Kim Williams, MD, professor of medicine and radiology, director of nuclear cardiology at the University of Chicago and ACC representative, responded in an email interview with CVB News about the recent study published in the New England Journal of Medicine, suggesting that CT scans have caused up to 2 percent of cancers in the United States.
Do you think we are an “imaging-crazed” culture as Nancy Snyderman, NBC chief medical editor, has suggested?
“Crazed” is not an appropriate term in my opinion. There are multiple forces that make imaging very attractive for healthcare providers and patients, but they revolve mainly around the ability to make diagnoses quickly, accurately and relatively noninvasively for many patients.
Do you concur with the findings and summation of Brenner and Hall?
Not to argue against their point, but to equate x-radiation with the high energy charged particle radiation exposure from atomic bombs requires some careful consideration, since nuclear explosions give off alpha particles that are associated with a higher degree of “linear energy transfer” and radiobiological (DNA) damage. The distribution of the radiation damage would also be completely different with CT vs. atomic bomb exposure. Perhaps they have performed translational studies and have considered these variables, but I haven’t seen their data discussing this difference.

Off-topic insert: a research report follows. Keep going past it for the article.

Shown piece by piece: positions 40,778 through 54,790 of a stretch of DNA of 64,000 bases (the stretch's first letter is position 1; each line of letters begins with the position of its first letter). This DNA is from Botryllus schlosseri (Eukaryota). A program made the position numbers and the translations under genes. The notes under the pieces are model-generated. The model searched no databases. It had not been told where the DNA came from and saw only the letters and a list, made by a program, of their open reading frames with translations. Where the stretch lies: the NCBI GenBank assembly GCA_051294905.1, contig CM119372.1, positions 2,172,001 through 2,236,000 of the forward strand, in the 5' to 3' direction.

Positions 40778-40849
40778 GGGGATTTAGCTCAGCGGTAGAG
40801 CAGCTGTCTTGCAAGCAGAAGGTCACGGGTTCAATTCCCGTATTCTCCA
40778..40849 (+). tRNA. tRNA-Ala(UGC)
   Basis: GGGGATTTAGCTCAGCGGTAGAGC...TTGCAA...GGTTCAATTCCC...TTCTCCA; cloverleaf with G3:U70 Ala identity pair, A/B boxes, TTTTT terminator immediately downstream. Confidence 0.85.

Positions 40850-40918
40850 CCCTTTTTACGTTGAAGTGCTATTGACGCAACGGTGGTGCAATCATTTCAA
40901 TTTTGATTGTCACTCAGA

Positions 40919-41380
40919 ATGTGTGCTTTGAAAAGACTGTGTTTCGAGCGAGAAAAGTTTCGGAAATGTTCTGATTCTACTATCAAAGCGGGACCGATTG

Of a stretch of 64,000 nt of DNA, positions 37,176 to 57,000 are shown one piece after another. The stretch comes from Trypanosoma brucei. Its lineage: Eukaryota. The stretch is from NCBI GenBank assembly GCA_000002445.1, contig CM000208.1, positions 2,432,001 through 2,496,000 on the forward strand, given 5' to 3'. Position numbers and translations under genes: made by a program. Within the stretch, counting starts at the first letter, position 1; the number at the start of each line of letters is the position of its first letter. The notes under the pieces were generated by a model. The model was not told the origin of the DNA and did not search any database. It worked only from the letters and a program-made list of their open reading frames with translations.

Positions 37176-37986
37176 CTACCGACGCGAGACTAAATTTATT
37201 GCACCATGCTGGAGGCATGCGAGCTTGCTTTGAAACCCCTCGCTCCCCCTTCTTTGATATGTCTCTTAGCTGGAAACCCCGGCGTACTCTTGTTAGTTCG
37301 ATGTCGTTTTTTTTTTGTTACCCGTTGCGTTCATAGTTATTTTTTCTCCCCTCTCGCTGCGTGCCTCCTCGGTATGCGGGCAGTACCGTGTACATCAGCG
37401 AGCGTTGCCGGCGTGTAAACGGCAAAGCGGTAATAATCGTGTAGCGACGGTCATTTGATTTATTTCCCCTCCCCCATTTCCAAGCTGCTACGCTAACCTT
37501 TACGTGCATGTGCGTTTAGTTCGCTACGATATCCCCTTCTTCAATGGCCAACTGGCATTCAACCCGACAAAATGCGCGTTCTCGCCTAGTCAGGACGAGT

Do the benefits of CCTA outweigh the risks?
Making diagnosis on people so that they live long enough to die of something else later has to be considered here. However, this only applies when patients are appropriately referred for these examinations where the benefits do outweigh the risks. In cardiac imaging, we have guidelines and appropriateness criteria to help ensure that the right patient gets the right test at the right time.
What do you think the effects of this widely-publicized study will be — in the short term, or in the long-term?
Hopefully, short and long-term, clinician awareness about the importance of considering magnetic, chemical or radiation exposure and their potential consequences when ordering or performing diagnostic tests.
Do you foresee organizations, like the ACC, implementing stricter imaging recommendations to reduce over-utilization by cardiologists?
The American College of Cardiology has made great strides in the assessment and publication of criteria for appropriate use of all modalities of cardiac imaging, including cardiac CT. However, I can say with certainty that widespread “over-utilization” of cardiac CT has NOT occurred since reimbursement policies of third parties has been restrictive to an unprecedented degree relative to the adoption of other imaging modalities such as nuclear cardiology or echocardiography.
Williams is associated with the ACC as a trustee of the College; chair of its cardiovascular imaging collaborative; member of the CT advocacy taskforce and its imaging spokesperson.